Looking back, what could I say to someone like her? I might say, "One of the first things I learned about suicide is that it is a cry for help. Depression is not your fault. Depression is indicative of a set of circumstances present in your life."
A patriarchal way of life is very often abusive toward women. Jehovah's witnesses call their god "The Great Patriarch."—Insight vol 2, under Law, p. 212, subheading: Laws to Noah; Patriarchal Law. How can men who choose a god like Jehovah be anything but "just like him"?
This wounded soul might not like to know that religion does not have the answers. I know now that the instruction from the elders to "read your Bible more" is a diversionary tactic to stop people from living life by actively using their "free will." In religion, women are not allowed to just "be." Religions teach that women must be performers and producers. If they are stay-at-home moms, they are unpaid laborors and, as a result of societal pressure, often feel devalued and under-appreciated. Unfortunately, there is such a thing as trying too hard to please other people. It is important to know that some patriarchs are in fact "un-pleasable." Women are never allowed to "please themselves" as that would be considered selfish. To that I would say, "it is important and imperative to take time to nurture yourself and make sure your OWN needs are met. There is even a scripture to support that view, found at Matthew 5:6 which says, "Happy are those hungering and thirsting for righteousness, since they will be filled." What religion fails to explain is it is not possible to help others from an empty cup. If you are hungering and thirsting, please take the time to fill your own cup first. Then you will be in a position to help others. Take for example, when on an airplane and you hear the spiel about what to do in an emergency. The instructions are to put the oxygen mask over your own face first; then you will be able to help your child or someone else in need. If you are the one without the oxygen mask, you will die. We cannot serve another if our own cup is empty. If, on the other hand, your cup is filled to overflowing, then you will not deplete yourself when extending a hand to help another." To religious patriarchs I would ask the question, "Why did I NEVER hear this little-known explanation when I was a member of your flock?"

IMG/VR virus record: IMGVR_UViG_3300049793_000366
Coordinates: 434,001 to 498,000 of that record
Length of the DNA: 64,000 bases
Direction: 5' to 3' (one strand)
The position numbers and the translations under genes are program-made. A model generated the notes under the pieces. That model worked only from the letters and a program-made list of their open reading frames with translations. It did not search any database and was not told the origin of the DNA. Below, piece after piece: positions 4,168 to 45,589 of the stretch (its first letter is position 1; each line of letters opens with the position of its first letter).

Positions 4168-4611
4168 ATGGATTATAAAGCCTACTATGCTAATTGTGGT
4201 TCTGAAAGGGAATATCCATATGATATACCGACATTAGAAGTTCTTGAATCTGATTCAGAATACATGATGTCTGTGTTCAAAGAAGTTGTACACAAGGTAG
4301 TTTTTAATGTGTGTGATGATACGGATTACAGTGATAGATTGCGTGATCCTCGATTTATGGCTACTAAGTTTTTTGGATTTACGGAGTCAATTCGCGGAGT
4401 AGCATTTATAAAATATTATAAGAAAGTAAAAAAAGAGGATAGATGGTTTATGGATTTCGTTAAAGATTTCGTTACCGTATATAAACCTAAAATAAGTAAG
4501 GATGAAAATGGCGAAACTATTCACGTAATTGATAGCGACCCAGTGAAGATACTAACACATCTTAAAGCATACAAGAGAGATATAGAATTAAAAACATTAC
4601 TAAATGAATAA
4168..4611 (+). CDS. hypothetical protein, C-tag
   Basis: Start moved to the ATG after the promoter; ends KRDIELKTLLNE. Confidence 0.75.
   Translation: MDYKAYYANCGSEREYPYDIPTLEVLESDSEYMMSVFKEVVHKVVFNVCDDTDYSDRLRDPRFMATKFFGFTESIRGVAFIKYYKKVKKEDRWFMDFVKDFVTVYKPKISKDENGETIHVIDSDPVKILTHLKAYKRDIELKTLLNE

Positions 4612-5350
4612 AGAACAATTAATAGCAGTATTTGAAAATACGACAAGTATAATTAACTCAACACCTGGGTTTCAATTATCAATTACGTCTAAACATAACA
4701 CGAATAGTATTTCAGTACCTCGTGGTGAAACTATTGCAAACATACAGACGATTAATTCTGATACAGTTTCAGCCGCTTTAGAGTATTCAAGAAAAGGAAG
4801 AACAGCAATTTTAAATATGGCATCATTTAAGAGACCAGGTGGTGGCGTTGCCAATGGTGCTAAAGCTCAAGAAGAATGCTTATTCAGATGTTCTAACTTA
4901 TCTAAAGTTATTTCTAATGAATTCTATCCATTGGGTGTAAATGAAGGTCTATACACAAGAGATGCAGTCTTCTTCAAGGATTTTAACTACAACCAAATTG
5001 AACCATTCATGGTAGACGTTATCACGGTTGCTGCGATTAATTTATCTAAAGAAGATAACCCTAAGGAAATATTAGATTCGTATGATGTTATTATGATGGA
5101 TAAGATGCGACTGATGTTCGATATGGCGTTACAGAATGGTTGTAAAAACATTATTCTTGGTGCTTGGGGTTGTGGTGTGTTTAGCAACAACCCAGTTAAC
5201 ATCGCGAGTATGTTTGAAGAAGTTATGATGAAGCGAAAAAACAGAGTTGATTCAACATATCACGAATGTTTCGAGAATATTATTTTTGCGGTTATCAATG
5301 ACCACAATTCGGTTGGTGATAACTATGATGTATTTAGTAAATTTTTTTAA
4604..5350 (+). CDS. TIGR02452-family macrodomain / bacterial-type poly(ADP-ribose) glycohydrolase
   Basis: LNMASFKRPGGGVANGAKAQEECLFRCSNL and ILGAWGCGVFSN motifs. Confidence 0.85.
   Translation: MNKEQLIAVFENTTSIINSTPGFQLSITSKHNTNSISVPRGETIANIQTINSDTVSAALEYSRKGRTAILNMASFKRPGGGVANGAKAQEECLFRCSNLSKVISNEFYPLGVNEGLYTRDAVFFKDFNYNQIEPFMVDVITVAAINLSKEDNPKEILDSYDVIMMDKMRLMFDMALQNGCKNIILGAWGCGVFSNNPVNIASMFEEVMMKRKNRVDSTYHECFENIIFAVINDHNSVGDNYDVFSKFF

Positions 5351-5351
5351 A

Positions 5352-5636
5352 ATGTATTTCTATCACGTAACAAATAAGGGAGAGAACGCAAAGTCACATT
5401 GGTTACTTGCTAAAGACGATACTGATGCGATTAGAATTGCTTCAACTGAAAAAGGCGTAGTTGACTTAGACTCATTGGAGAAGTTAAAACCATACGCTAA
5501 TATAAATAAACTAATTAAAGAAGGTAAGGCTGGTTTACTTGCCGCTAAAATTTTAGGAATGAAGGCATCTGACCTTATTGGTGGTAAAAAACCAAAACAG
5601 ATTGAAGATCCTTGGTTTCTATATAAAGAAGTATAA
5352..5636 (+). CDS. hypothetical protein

Most Jehovah's Witnesses do not believe in obtaining psychiatric help. Elders quote a scripture to support their view. "All scripture is inspired of God and beneficial for teaching, for reproving, for setting things straight. . ."—2 Timothy 3:16 New World Translation (NWT). I hope her being in the hospital will enable her to get the help she needs to become healthy and well. If she is anything like me, and if her husband allows, she will go into group therapy with barely a voice to express herself. Nevertheless, group therapy will help her to see the depths of suffering other people endure. Perhaps she can relate to some of it. Perhaps she will be able to identify some abuse to which she has been subjected. Perhaps she will identify where the healthy boundaries have been crossed to produce the poor health she now experiences.